Heidelberg Castle Location – Heidelberg Castle is a famous ruin in Germany and landmark of Heidelberg. The castle ruins are among the most important Renaissance structures north of the Alps.
The castle has only been partially rebuilt since its demolition in the 17th and 18th centuries. It is located 80 metres (260 ft) up the northern part of the Königstuhl hillside, and thereby dominates the view of the old downtown. It is served by an intermediate station on the Heidelberger Bergbahn funicular railway that runs from Heidelberg’s Kornmarkt to the summit of the Königstuhl.
The earliest castle structure was built before 1214 and later expanded into two castles circa 1294; however, in 1537, a lightning-bolt destroyed the upper castle. The present structures had been expanded by 1650, before damage by later wars and fires. In 1764, another lightning-bolt caused a fire which destroyed some rebuilt sections.
Early history Heidelberg Castle
The earliest known depiction of the castle, from Sebastian Münster’s Kalendarium Hebraicum published in 1527 (detail).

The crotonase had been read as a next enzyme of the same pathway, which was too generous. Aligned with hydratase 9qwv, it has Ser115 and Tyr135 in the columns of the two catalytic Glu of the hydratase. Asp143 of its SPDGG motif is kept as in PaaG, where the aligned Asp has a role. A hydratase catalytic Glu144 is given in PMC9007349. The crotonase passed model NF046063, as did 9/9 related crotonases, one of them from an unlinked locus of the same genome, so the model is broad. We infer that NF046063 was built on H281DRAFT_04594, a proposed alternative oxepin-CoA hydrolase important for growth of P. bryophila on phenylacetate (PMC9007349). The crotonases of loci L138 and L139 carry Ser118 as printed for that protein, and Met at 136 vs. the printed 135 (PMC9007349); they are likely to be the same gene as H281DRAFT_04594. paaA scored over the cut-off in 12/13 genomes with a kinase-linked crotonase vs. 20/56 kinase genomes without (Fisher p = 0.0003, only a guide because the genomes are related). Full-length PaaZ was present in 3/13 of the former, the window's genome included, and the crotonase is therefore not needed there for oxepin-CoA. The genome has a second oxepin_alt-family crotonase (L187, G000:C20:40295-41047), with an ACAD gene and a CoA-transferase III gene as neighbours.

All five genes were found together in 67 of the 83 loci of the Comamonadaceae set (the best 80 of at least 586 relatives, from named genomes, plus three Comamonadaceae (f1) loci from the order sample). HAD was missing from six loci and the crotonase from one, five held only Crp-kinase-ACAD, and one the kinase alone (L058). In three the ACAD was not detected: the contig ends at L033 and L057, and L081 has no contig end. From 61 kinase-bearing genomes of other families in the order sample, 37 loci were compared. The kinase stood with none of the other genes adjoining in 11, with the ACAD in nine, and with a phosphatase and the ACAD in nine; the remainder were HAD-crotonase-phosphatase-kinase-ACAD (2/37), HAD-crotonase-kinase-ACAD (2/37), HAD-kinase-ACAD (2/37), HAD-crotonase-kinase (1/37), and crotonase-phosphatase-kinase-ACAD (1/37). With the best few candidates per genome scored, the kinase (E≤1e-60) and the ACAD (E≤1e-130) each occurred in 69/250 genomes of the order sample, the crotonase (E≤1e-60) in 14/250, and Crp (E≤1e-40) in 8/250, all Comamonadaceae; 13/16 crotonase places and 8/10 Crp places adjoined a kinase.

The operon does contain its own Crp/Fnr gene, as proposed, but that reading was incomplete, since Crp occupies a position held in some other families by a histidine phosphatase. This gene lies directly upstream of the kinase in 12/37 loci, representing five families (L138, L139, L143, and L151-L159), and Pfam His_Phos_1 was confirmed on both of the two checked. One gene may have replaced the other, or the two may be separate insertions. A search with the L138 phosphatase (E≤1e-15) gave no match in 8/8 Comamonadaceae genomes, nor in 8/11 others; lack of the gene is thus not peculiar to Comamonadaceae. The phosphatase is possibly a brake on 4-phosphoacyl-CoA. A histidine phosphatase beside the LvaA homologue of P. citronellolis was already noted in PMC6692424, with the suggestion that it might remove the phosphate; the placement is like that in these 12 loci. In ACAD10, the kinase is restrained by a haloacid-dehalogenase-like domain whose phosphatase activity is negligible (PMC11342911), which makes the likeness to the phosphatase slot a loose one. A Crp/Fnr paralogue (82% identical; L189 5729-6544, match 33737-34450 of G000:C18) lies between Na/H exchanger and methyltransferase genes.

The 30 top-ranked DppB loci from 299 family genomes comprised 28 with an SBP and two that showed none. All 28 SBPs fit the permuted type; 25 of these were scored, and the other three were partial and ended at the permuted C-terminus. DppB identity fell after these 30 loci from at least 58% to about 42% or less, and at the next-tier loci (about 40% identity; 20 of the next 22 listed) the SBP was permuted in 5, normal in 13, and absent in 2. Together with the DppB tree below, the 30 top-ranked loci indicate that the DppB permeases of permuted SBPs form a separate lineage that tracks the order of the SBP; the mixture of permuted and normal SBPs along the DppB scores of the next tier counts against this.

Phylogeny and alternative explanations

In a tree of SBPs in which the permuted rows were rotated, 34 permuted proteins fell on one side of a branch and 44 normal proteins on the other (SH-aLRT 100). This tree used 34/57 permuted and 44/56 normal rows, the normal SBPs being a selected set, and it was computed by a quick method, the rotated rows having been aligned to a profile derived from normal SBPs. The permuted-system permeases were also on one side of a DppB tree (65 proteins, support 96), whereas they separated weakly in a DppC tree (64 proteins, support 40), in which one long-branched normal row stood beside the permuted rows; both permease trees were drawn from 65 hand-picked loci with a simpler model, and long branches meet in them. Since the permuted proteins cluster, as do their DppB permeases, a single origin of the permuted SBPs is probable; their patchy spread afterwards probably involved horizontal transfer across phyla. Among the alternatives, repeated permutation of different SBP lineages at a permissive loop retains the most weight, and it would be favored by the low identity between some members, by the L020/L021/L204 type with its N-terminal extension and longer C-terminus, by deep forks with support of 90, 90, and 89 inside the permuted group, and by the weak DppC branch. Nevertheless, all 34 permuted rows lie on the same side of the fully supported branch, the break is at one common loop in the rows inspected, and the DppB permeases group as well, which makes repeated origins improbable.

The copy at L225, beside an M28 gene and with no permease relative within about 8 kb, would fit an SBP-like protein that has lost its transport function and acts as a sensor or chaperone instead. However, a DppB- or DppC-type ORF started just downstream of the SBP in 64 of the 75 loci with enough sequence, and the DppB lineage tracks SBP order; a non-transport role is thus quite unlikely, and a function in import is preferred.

Heidelberg was first mentioned in 1196 as “Heidelberch”. In 1155 Conrad of Hohenstaufen was made the Count Palatine by his half-brother Frederick Barbarossa, and the region became known as the Electorate of the Palatinate. The claim that Conrad’s main residence was on the Schlossberg (Castle Hill), known as the Jettenbühl, cannot be substantiated. The name “Jettenbühl” comes from the soothsayer Jetta, who was said to have lived there. She is also associated with Wolfsbrunnen (Wolf’s Spring) and the Heidenloch (Heathens’ Well). The first mention of a castle in Heidelberg (Latin: “castrum in Heidelberg cum burgo ipsius castri”) is in 1214, when Louis I, Duke of Bavaria of the House of Wittelsbach received it from Hohenstaufen Emperor Friedrich II.